The rewards for solving the puzzles aren’t just a dopamine hit and a sense of satisfaction either. After each overarching puzzle is solved, you’re treated to a dazzling visage of morphing shape and colour. Like looking through a kaleidoscope of impossible geometry, you can sit and watch this gorgeous morphing scene unfold for as long as you want.
The entire of Manifold Garden is gorgeous to look at, if not traditionally pretty. The world is initially stark, full of lines and edges. The further you get through the world, the more complex the architecture becomes and the more colour it adopts. Even when you’re bringing nature to the world, there’s an ever present brutalist meets place of worship aesthetic to the buildings.
Combine that will the looping nature of the world and it can create some frankly stunning visages to take in. Spiralled staircases that seem to go on forever. Falling through white space as identical structures whizz by either side of you. Mazes that seem to go on until infinity. It can be breathtaking at times.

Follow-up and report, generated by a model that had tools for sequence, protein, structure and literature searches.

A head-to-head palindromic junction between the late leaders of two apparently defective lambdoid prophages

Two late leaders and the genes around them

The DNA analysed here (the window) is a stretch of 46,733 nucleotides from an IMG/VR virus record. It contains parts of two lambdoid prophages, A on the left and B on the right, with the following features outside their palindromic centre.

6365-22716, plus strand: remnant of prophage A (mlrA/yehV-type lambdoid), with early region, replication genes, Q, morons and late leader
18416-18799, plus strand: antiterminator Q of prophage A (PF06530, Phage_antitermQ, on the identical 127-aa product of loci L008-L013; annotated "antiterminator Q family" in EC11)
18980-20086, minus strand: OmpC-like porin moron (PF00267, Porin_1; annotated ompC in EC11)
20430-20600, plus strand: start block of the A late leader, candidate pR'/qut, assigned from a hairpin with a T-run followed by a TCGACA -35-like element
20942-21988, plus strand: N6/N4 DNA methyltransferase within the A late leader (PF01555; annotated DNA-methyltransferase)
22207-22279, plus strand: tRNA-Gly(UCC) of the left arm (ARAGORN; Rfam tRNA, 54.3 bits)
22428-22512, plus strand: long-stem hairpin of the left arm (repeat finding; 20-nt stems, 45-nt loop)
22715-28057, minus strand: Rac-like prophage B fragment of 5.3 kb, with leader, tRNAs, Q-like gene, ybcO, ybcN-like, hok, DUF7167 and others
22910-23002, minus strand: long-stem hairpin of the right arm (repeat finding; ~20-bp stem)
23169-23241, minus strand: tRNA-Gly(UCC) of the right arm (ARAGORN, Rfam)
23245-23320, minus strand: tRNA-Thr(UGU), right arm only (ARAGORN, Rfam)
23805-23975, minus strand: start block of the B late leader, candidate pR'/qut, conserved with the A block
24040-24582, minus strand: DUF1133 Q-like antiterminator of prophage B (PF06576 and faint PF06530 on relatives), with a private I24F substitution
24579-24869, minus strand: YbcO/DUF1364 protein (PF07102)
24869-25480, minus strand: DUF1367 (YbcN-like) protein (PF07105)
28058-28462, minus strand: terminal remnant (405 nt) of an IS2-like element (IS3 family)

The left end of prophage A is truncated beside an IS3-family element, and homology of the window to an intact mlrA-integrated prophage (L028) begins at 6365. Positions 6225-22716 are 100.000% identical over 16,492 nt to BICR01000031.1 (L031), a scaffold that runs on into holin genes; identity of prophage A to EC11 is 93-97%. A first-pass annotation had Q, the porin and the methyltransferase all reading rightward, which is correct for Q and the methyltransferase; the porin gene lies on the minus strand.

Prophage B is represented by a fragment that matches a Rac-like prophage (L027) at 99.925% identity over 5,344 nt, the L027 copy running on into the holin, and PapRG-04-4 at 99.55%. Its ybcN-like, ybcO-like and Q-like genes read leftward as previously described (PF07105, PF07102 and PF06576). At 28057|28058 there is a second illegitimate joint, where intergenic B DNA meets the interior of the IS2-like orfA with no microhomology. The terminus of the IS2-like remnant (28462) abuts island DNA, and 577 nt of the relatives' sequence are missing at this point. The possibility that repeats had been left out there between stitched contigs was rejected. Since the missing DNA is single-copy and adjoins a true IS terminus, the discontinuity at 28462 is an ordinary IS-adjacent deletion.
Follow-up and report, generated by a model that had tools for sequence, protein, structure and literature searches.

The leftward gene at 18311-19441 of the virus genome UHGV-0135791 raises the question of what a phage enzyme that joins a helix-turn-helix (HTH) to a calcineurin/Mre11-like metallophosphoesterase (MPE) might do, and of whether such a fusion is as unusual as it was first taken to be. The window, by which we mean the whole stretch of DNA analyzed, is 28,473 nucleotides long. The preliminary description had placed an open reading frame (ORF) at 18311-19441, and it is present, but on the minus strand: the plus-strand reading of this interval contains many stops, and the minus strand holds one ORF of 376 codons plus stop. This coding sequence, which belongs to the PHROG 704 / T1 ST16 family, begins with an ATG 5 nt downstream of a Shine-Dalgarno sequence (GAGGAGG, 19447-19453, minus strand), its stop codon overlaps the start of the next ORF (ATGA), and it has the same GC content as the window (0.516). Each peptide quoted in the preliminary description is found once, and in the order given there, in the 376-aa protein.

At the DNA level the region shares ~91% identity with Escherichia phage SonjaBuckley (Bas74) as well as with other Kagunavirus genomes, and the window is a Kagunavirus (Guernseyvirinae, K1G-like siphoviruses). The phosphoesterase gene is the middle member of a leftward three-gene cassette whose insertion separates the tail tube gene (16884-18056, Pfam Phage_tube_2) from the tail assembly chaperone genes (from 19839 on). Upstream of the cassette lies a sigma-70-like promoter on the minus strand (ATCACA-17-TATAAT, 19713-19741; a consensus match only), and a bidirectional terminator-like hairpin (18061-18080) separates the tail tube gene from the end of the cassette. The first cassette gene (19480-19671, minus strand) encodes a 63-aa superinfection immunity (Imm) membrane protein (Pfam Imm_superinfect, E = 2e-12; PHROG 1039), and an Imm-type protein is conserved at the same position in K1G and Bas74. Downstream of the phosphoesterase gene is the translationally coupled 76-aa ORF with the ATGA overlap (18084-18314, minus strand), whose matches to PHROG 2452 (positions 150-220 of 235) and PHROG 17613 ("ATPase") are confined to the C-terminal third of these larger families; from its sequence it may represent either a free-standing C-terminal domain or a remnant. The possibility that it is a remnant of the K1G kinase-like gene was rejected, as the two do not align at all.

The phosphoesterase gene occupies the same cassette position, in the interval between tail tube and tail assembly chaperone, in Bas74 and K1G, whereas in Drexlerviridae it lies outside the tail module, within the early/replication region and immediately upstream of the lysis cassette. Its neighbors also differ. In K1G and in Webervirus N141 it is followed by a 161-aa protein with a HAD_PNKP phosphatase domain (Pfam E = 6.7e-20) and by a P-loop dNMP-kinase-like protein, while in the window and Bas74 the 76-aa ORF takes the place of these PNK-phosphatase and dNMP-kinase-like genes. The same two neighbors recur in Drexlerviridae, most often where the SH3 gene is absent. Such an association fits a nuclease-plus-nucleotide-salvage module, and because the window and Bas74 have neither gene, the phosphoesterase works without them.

Some of the best moments in Manifold Garden are when it uses the tenets of Escher’s artwork to create bemusing effects. In on room, a left set of stairs ascends to a doorway and a right set of stairs descend to a doorway. Regardless of which set of stairs you take, you’ll exit in the same place. There’s portal doorways that have different worlds on either side of them. Rooms have staircases that loop in on themselves. It can be disorientating as you’re discovering these instances but it gives this entire game a truly enigmatic feel.
PS5 Improvements For Manifold Garden